Decentral BankThe stablecoin market remains under heavy scrutiny amid the broader market downturn. Several investors question the viability of these fiat-backed assets in the long term. The bulk of the criticism surrounding stablecoins has been about their economics. However, Decentral Bank, the developer of a crypto asset, recently averted an issue that could have had tremendous ramifications for its investors.

Smart Contract Bug Fixed

On Thursday, Decentral Bank – a decentralised autonomous organisation (DAO) that operates the USN stablecoin – reported that it had fixed a bug in its smart contract that briefly allowed a user to mint $10 trillion worth of its stablecoin for just $10. In a lengthy Twitter thread, the DAO explained that the user triggered a bug in the smart contract for USN’s v2 token – which was only released last week.

As Decentral Bank explained, the user – with the tag “pavladiv.near” – tried to redeem USN for USDT. However, the smart contract could not redeem USN for a user who had never held USDT in their account. After the transaction failed, the smart contract refunded the user with his USN, and the process triggered an invalid conversion of decimal points.

As a result, instead of refunding 10 USN tokens, the smart contract credited the user’s account with 9,999,000,000,000.0 USN. Decentral Bank claimed that its team immediately found the problem. Then, they paused the USN smart contract to stop all USN transactions and fix the bug.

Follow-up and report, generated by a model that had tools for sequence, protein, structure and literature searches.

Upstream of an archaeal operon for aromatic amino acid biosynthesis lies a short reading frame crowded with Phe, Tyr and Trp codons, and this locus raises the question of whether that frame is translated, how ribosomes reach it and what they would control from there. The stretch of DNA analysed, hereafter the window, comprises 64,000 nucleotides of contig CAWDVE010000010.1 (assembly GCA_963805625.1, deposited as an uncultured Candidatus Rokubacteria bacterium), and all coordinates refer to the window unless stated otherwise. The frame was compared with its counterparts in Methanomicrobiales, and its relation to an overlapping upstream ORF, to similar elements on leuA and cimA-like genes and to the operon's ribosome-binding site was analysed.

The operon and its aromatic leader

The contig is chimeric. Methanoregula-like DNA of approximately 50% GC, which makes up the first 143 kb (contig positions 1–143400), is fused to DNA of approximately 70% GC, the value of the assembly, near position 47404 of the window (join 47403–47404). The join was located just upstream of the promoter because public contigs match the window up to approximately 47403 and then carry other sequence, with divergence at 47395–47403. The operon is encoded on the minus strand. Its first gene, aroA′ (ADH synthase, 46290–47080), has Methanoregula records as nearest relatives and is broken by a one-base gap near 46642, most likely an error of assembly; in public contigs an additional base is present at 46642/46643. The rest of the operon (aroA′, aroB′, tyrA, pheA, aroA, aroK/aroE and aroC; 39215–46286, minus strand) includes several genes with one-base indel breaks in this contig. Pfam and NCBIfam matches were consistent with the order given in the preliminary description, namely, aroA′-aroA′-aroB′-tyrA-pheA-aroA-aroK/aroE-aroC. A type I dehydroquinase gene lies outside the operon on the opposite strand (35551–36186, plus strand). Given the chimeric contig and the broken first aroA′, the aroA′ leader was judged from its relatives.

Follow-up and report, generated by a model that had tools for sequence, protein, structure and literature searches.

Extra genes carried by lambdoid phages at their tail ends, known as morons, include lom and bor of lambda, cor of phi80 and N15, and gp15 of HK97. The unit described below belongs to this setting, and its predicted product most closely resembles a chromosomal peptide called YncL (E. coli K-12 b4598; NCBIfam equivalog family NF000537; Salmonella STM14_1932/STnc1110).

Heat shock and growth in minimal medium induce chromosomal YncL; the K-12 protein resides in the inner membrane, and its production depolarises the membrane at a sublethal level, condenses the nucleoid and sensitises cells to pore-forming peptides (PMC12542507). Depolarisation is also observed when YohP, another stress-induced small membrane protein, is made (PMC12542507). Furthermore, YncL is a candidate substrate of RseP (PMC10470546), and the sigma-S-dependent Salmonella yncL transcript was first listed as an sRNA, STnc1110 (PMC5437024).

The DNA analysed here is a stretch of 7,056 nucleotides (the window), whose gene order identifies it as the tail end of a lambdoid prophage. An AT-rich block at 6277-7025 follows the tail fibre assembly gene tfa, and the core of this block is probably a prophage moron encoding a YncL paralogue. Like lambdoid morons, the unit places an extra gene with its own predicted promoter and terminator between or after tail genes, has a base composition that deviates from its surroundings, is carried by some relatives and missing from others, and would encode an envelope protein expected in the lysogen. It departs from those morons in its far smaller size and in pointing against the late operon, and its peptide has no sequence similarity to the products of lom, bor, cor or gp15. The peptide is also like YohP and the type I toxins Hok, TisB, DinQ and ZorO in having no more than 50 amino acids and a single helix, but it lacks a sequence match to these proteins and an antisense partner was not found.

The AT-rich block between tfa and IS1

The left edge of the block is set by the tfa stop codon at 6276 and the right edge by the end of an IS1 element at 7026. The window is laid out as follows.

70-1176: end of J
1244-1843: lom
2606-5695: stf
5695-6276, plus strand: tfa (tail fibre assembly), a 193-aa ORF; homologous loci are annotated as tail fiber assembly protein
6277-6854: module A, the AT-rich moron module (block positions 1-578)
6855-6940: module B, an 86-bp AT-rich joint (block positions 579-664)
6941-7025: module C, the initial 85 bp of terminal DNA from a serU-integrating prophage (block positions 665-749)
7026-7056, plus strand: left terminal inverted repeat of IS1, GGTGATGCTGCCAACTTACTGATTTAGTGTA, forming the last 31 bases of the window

Decentral Bank claimed that it was able to fix the bug before any funds were lost while adding that it was in the process of fixing the minor usability issue that prevented users who haven’t held USDT before from redeeming their USN tokens. The DAO also announced that it offered a bug bounty to pavladiv.near for his help fixing the bug.

Stablecoins in the Spotlight Again

Although Decentral Bank’s ability to fix the problem is a bonus, it also shows the need for continued work on developing the crypto market – especially for stablecoins. This asset class has come under heavy scrutiny in the past few months, with the naysayers intensifying their efforts following the crash of Terra’s UST algorithmic stablecoin.

Now, USDT – the largest stablecoin by market cap – has continued to deal with doubts over its cash reserves and ability to maintain its dollar peg. Last week, a report circulated that an increasing number of traders had shorted USDT as they believe the asset will soon lose its peg against the dollar.

Reports have shown that crypto hedge funds have been sizing their short positions in USDT for about two months. They have reportedly been more aggressive since UST’s collapse, with the market broadly believing that USDT will be the next to depeg.

USDT’s reserve backing has always been an issue. Last month, the Financial Times reported that Tether Limited – the stablecoin’s issuer – had kept a small portion of its reserves, valued at about $73 billion, at a Bahamian bank called Capital Union. However, considering that the bank only has about $1 billion in assets, only a small portion of Tether’s reserves can be held there.

Tether has fought against the rumours of insolvency and financial misdeeds, but the pressure is mounting.

The company has notoriously been opaque in its reports and business dealings. Also, audits of Tether’s cash reserves have been sketchy at best. Now, all of this is weighing on USDT’s reputation. USDC, its biggest rival, is slowly gaining. The difference between USDT and the Circle-backed stablecoin in market cap is now less than $10 billion – the lowest ever on record.

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